In an early scene from David Mamet’s twisty crime thriller Heist, Joe Moore (Gene Hackman) comments on why he’s so good at his craft: “I try to imagine someone smarter than myself. Then I ask myself, ‘What would he do?’”
On the most obvious level, he’s referring to his cover job as a New England shipbuilder, but by extension he could be talking about his more lucrative work as a professional thief—the kind of consummate rip-off artist who can clean out a New York jewelry store in broad daylight. And by still further extension, he could be talking about Mamet himself.
Ever since he burst onto the scene 25 years ago as a Chicago-based theatrical wunderkind with plays like American Buffalo and Sexual Perversity in Chicago, David Mamet has been a writer for the brainier set. He crafted provocations like the sexual harassment drama Oleanna, and ferocious verbal assaults like Glengarry Glen Ross. After moving from stage to screen, he developed a fondness for puzzle thrillers like House of Games and The Spanish Prisoner. Occasionally, the spirit has moved him to give his creations some soul. More often, Mamet has written like a master mechanic of the dramatic form, creating flawless plot engines shot through with sizzling flourishes of dialogue, all pitched to the sharpest person in every room. Emotional resonance just hasn’t seemed to interest him much.
With Heist, Mamet still appears to devote most of his creative energy to staying two steps ahead of viewers who think they’ve seen it all. The story centers on Hackman’s character, Joe, a veteran thief ready to pack it in after he’s caught on a surveillance camera during his latest robbery. Unfortunately for Joe, his shifty fence Bergman (Danny DeVito) isn’t ready to let him sail off into tropical retirement. There’s one more big job he’s counting on Joe to pull off—“the Swiss thing”—and he’s not handing over any run-off-and-hide money until Joe commits to doing it.
So, perhaps for the last time, Joe pulls together his trusty crew—his wife Fran (Rebecca Pidgeon) and his partners Bobby (Delroy Lindo) and Pinky (Ricky Jay). There’s also one wild card in the bunch, Bergman’s cocky nephew Jimmy Silk (Sam Rockwell), sent along to make sure Joe doesn’t decide to go running off with all the loot.
For years, most discussions about Mamet’s oeuvre revolved around his distinctive verbal choreography, variously described as “clipped,” “staccato,” or some other thesaurus-at-the-ready variation on that theme. He has backed away from that style in recent years, allowing his talent for instantly quotable lines to shine through the stylistic twitches. In Heist, the characters speak like they’ve just fallen out of a James M. Cain novel, using gloriously evocative film noir-ish metaphors like, “She could talk her way out of a sunburn,” and, “He’s so cool, when he goes to bed, sheep count him.” Just listening to people talk in Heist—the words shifting the film’s contemporary setting to a slick time-out-of-time—proves to be almost irresistible fun.
It’s also plenty of fun watching Mamet launch his story into a series of double-, triple- and quintuple-crossing plot contortions. Many of Heist’s sleight-of-hand developments are almost too cool—the kind of stuff that inspires incredulous but impressed giggles (and perhaps some concern at how creatively one can slip a gun past an airport metal detector). There’s never a moment in Heist when it’s obvious exactly what’s going to happen next, who’s on board with the latest back-stabbing, or who’s going to be left standing at the end.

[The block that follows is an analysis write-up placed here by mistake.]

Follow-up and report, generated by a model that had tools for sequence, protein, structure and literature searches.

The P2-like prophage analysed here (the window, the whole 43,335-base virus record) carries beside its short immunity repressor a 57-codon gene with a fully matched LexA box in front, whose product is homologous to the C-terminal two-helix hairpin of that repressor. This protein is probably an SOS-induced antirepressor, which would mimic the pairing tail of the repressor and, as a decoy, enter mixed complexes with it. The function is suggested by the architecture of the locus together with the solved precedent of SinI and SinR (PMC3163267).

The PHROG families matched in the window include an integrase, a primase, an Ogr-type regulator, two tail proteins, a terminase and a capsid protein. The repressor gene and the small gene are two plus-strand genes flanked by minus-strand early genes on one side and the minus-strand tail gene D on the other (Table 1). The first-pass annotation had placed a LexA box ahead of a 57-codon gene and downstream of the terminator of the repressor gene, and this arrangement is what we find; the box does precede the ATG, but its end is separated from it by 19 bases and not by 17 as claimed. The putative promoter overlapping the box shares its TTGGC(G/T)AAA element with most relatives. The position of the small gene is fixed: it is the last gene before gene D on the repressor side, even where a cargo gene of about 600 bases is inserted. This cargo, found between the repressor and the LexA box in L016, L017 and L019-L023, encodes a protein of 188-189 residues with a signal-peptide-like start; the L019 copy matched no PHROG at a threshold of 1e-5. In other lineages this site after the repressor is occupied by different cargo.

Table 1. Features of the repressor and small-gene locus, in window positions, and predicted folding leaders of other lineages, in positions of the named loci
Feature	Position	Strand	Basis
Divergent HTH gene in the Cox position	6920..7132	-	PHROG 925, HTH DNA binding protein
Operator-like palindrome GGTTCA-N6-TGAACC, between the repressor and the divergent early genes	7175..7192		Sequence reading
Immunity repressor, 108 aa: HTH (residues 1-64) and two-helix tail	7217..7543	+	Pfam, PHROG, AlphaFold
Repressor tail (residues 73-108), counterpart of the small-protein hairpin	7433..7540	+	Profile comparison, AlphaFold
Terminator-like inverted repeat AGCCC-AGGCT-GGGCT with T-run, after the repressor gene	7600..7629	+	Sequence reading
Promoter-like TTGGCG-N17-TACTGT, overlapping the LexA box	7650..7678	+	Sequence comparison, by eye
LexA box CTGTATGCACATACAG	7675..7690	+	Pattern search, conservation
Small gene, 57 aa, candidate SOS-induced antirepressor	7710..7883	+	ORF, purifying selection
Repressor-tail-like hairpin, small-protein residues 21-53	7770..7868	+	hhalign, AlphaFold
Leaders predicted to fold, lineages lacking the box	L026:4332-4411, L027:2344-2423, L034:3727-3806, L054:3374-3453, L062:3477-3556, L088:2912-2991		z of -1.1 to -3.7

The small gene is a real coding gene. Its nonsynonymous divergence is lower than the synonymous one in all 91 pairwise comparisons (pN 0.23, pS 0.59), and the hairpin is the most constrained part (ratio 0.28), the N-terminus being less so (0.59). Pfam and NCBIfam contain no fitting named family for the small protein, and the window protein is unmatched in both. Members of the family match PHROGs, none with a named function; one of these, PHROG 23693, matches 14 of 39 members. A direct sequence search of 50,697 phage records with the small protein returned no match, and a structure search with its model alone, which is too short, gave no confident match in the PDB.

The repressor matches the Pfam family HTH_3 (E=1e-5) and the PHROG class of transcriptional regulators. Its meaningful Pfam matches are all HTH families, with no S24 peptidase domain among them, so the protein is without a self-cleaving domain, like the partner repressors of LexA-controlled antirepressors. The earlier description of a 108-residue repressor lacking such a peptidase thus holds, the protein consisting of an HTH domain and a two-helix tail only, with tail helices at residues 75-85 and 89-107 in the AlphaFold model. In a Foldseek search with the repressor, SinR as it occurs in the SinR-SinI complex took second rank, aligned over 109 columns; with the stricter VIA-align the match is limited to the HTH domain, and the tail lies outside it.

Mamet often seems so concerned with outsmarting his viewers that he turns every presumed twist into a feint-and-dodge leading to the next twist, and after a while it can start to feel like your head is spinning from being jerked in every possible misdirection. While Heist never feels hampered by implausibility, it does feel hampered by choppy editing that blunts the edge of Mamet’s “a-ha!” moments. It’s one thing not to see a twist coming. It’s another thing not to see it when it comes.
And it’s still another thing not to care all that much. By the time Heist rolls out its seventh or eighth bend in the road, you start to realize that there doesn’t seem to be enough at stake. Hackman’s character is supposed to anchor the narrative with his efforts to get out of the game, and Hackman does his now-predictable finest hinting at the danger behind a grandfatherly smile. But Mamet can’t be bothered with building inner lives for his characters; they’re simple, and serve necessary plot functions. It’s not even the case that Mamet’s fascination with trickery creates an off-putting sense that he’s too impressed with his own ingenuity. His characters simply don’t develop into people with souls. It’s hard for a viewer to invest much sympathy in them, especially when you have to invest so much into figuring out who’s screwing over whom.
There are so few filmmakers dedicated to the idea of making viewers think, you want to applaud Mamet simply for his audacious refusal to pander. You can almost lay money on the fact that a Mamet film won’t leave you feeling insulted, and you can set your watch by the seamless progressions of his narratives. But his intellectual gamesmanship often prevents his films from making the leap from intriguing exercises to works that connect with viewers somewhere below the neck. David Mamet keeps writing scripts as though he were trying to imagine someone smarter than himself, when sometimes all he needs to do is imagine someone who’d like to feel.
Heist (R) HH1/2 Directed by David Mamet. Starring Gene Hackman, Danny DeVito and Delroy Lindo.